Relations are an important mathematical tool used throughout Philosophy, Political Science, and Economics. You have already studied binary relations during your mathematical eduction: \(=,\le, \ge, <,\) and \(>\) are all relations on numbers (e.g., the natural numbers \(\mathbb{N}\), real numbers \(\mathbb{R}\), rational numbers \(\mathbb{Q}\), etc.) and \(\subseteq\) is a relation on the power set of a set. For example, the binary relation \(\ge \subseteq \mathbb{N}\times \mathbb{N}\) is the set

\[\{(a,b)\ |\ a,b\in\mathbb{N}\text{ and } a\text{ is greater than or equal to } b\}.\]

## 2.1 Notation

Given a set \(R\subseteq X\times X\) of ordered pairs, \((a,b)\in R\) represents that *\(a\) is related to \(b\) according to \(R\)*, and if \((a, b)\notin R\), then \(a\) is not related to \(b\) according to \(R\). To simplify notation, we write \(a\mathrel{R} b\) when \((a, b)\in R\). The following is a summary of the notation you will use this semester:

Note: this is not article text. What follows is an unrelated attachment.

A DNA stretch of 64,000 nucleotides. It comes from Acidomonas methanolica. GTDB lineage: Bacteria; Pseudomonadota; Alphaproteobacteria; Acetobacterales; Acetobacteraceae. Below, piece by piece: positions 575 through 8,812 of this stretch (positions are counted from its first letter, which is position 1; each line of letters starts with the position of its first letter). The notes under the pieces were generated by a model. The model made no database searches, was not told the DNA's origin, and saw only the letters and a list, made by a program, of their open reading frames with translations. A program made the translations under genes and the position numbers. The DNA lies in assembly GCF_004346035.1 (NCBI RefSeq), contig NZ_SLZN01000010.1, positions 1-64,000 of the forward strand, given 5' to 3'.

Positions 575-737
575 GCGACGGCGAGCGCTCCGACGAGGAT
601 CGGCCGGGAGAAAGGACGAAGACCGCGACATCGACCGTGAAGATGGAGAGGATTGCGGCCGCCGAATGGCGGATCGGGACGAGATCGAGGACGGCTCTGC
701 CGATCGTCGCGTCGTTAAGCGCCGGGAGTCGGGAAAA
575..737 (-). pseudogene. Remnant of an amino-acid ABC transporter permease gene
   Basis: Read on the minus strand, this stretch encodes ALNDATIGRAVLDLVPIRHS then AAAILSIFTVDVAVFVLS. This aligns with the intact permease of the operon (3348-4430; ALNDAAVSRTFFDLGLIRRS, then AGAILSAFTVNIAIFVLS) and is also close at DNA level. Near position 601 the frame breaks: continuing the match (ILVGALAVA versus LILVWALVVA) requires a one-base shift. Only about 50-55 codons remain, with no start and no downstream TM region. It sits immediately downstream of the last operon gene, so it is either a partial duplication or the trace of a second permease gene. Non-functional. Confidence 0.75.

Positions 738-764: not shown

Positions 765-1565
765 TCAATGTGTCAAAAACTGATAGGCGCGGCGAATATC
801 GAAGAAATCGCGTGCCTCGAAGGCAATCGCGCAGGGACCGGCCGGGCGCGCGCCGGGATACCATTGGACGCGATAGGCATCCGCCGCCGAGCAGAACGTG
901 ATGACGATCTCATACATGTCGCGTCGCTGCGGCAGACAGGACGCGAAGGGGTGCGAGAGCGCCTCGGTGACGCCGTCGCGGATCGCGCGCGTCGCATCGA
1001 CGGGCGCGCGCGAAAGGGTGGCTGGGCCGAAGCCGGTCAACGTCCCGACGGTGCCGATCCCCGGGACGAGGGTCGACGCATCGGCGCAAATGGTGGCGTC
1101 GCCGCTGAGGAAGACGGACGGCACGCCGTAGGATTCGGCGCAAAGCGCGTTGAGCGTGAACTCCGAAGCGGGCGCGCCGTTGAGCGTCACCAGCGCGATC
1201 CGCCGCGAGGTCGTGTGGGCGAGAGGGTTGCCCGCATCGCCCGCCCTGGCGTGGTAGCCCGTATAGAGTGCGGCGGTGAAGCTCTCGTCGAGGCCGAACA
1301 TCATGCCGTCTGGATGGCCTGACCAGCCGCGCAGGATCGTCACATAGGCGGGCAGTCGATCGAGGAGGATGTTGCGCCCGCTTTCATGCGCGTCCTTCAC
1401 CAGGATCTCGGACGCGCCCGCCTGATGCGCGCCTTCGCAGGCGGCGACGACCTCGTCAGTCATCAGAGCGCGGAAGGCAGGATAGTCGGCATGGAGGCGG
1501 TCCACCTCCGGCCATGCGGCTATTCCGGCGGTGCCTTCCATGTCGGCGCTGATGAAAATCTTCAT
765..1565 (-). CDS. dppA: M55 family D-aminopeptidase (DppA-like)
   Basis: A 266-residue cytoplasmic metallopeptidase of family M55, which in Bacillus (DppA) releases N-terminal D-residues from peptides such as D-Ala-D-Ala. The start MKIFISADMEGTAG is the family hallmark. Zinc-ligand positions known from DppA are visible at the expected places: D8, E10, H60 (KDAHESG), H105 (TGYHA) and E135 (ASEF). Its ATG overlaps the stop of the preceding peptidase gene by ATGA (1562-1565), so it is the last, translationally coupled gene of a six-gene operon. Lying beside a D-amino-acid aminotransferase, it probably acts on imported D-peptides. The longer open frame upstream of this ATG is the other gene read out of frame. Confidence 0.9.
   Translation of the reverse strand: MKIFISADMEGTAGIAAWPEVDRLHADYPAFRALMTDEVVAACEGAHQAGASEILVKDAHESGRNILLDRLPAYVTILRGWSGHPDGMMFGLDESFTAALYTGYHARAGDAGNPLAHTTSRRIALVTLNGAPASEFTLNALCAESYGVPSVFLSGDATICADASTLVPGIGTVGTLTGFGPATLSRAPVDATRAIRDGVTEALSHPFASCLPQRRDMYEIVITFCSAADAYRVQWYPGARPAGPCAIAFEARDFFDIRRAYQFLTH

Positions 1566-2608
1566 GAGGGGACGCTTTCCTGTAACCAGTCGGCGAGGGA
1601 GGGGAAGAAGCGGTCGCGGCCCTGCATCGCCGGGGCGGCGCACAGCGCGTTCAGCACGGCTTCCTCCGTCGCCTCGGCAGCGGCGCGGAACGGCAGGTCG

Mathematical Notation | Meaning |
---|---|

\((a, b)\in R\) | \(a\) is related to \(b\) according to \(R\). |

\(a\mathrel{R} b\) | \(a\) is related to \(b\) according to \(R\). |

\((a, b)\notin R\) | \(a\) is not related to \(b\) according to \(R\). |

not-\(a\mathrel{R} b\) | \(a\) is not related to \(b\) according to \(R\). |

\(a\mathrel{R\mkern-9.75mu/} b\) | \(a\) is not related to \(b\) according to \(R\). |

For instance, we can express that \(4\) is greater-than-or-equal-to \(1\) by writing \(4\geq 1\) or \((4, 1)\in \geq\), and that \(2\) is not greater-than-or-equal-to \(3\) by writing \(2\not\geq 3\) or \((2,3)\notin\geq\).

Often it is useful to visualize a relation by drawing arrows between items that are related. To visualize \(R\subseteq X\times X\), write down all the elements of \(X\) and then for each \((x, y)\in R\) draw an arrow from element \(x\) to element \(y\). For example, suppose that \(X=\{a,b,c,d\}\) and \(R=\{(a,a), (b,a), (c,d), (a,c), (d,d)\}\). Then \(R\) is visualized as follows:

For instance, consider the relation \(\geq\subseteq \mathbb{N}\times\mathbb{N}\) of “greater-than-or-equal-to”. Then, we have that \((4, 1)\in \geq\) since \(4\) is greater-than-or-equal-to \(1\) and \((2, 3)\notin \geq\) since \(2\) is not greater-than-or-equal-to \(3\).